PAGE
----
In the summer of 2020, UK Prime Minister Boris Johnson prophesised a return to normality ‘in time for Christmas’. Employers, he said, should encourage people to get back to work by August, assuming the creation of COVID-secure workplaces.
Fast forward a few months into Christmas, and we’re up against a fresh slew of lockdowns around the world, curfews, shut borders and the subsequent suspension of events, activities and travel corridors — in retrospect Johnson’s plan reads equal parts naïveté and misguided optimism.
But this does not discount that both employers and employees are eyeing a return to the office. For many, their work-life balance has been nudged off-kilter with the collapse of nine-to-five routines. Daily commutes, vacations and the hundred other little rituals that segregated work lives from private ones have yielded to an unhealthy 24-7 work culture and an overextended, burnt-out workforce — we’ve even come to recognise ‘Zoom fatigue’.
The COVID-19 pandemic does not — as some had first suggested — spell the death of the office. Rather, a host of post-pandemic workplace trends will take root in 2021, trends better aligned with the growing need for employee safety and wellbeing, and the unprecedented explosion of digital tools.
A ‘LIQUID WORKFORCE’ THAT WILL WORK FROM ANYWHERE, ANYTIME
The ‘death of the office’ argument is too binary, too either-or. But between lockdowns we’ve seen the rise of flexible working models, with employees going into the office on certain days of the week, at certain times, in staggered clusters. This hybrid approach, which allows employees autonomy over where they work and when, will continue into 2021. The World Economic Forum (WEF) predicts the subsequent emergence of ‘a dispersed, digitally-enabled, liquid workforce’ by 2025.
BUT BUSINESSES WILL STILL WANT A HUB
The slide into an anywhere-anytime model will not displace but rather will fortify the need for a physical workspace. A global WEF survey reported that 74% of 2,000 employees surveyed are still pro-office, saying it is more conducive to team cohesion. A physical workspace is also the answer to several systemic issues — from the asymmetry of access to technology and connectivity to the tyranny of endless video calls. This year, the traditional office will graduate into a meeting ground for a scattered workforce.
THE OFFICE AS A PLACE TO COLLABORATE
Knight Frank’s Re-occupancy and Re-imagined Workplace Survey found 53% of businesses wanted their offices to feature more space for collaboration in 2021. 63% anticipate a greater focus on the design and specifications of their offices, saying it will play a crucial part in inspiring collective creativity and innovation. This year, businesses won’t just want basic desk space, but rather spaces that perpetuate collaboration.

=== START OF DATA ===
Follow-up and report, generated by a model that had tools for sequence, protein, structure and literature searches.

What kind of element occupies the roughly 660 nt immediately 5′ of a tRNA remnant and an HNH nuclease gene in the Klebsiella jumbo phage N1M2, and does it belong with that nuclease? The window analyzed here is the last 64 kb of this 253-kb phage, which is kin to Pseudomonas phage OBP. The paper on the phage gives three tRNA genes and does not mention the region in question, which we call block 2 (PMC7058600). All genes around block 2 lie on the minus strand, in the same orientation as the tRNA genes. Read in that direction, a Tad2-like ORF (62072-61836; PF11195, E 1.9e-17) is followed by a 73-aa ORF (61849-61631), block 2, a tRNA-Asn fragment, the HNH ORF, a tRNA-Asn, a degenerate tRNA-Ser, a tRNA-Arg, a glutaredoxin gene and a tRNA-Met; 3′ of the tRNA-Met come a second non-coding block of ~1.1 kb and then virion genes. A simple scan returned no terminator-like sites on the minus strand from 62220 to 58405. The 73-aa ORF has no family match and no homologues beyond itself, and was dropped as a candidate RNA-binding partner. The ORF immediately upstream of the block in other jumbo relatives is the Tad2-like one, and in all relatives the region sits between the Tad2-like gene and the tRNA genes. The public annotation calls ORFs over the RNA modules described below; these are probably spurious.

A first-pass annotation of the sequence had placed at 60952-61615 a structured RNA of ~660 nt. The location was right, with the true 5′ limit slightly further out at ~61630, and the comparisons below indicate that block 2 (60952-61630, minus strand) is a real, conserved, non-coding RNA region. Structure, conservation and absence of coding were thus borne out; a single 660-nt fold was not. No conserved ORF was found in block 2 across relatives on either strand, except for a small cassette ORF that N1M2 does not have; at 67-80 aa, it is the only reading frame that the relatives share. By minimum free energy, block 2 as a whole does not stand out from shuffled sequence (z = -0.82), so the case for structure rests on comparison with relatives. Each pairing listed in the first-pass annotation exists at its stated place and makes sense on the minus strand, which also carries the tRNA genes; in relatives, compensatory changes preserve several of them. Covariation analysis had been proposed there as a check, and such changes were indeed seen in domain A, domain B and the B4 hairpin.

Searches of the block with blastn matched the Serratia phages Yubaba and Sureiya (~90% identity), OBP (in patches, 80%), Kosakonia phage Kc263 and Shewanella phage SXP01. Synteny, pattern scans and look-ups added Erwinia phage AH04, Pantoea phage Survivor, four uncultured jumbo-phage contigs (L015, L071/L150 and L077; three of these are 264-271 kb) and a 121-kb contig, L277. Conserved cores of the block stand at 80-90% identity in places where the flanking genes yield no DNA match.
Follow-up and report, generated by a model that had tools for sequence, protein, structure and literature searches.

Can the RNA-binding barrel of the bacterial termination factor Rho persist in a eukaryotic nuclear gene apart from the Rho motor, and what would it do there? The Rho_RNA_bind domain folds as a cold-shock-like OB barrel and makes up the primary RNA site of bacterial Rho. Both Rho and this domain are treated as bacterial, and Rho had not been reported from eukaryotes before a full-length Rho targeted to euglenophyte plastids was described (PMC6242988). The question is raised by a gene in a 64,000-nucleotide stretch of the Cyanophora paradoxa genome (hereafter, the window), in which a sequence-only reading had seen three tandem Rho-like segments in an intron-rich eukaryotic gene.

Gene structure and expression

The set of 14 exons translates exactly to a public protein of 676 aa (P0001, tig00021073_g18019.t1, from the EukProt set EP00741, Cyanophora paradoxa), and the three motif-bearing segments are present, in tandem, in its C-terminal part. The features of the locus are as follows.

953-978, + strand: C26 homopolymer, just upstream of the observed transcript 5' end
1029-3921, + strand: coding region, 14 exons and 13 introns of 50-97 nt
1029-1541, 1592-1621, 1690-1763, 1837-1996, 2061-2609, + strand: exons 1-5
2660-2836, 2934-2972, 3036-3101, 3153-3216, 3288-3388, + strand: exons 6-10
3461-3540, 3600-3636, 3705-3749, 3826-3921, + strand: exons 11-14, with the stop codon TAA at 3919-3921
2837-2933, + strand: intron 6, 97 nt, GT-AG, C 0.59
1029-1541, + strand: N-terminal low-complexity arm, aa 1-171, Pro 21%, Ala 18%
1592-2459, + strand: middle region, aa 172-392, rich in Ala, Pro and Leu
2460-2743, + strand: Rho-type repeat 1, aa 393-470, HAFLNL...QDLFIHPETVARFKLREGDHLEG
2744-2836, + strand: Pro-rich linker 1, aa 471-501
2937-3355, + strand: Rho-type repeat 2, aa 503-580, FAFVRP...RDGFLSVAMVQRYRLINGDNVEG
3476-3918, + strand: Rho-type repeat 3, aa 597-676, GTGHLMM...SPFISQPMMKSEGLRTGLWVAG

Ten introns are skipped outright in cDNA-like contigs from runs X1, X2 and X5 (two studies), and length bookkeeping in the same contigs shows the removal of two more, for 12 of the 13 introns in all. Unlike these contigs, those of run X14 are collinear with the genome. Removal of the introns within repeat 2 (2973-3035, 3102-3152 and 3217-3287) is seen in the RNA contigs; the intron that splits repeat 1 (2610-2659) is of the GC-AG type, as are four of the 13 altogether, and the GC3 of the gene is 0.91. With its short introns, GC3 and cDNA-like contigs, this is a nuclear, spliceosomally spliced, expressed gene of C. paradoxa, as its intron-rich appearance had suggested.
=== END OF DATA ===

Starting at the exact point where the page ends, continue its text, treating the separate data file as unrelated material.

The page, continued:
BUSINESSES WILL ADOPT A CORE-AND-FLEX APPROACH TO OFFICE SPACE
Start-ups, small businesses and the like are not the only ones that will gravitate towards serviced and co-working spaces and short-term rolling leases. Larger enterprises are likely to maintain a headquarters alongside investing in smaller satellite offices and purpose-driven, flexible workspaces. This core-and-flex approach will create a fluid real estate portfolio across businesses.
THE ‘SIX-FEET OFFICE’ WILL PREVAIL
Last year introduced us to the ‘six-feet office’, and in this aspect the workplace of 2021 will mirror that of 2020. Low-density layouts that support social distancing, contactless technology, frequent and meticulous cleaning regimes, increased ventilation, hand sanitiser stations and safety signage will continue to be norms. Offices will also need to support dynamic occupancy, a pivot away from the pre-pandemic open-plan layout but optimal for employees rotating in and out of the office.
BUSINESSES WILL INVEST IN EMPLOYEE WELLNESS PROGRAMMES
All told, the stress and anxiety of the last year has been tremendous. According to a Willis Towers Watson survey, more than two-thirds of employers believe the pandemic has had a serious impact on employee wellbeing and now consider mental health services and resilience management one of their top priorities. Companies such as Deloitte have even demonstrated a five-to-one return on investing in employee wellbeing programmes. In the face of sustained strain, employee wellness will become crucial to doing business.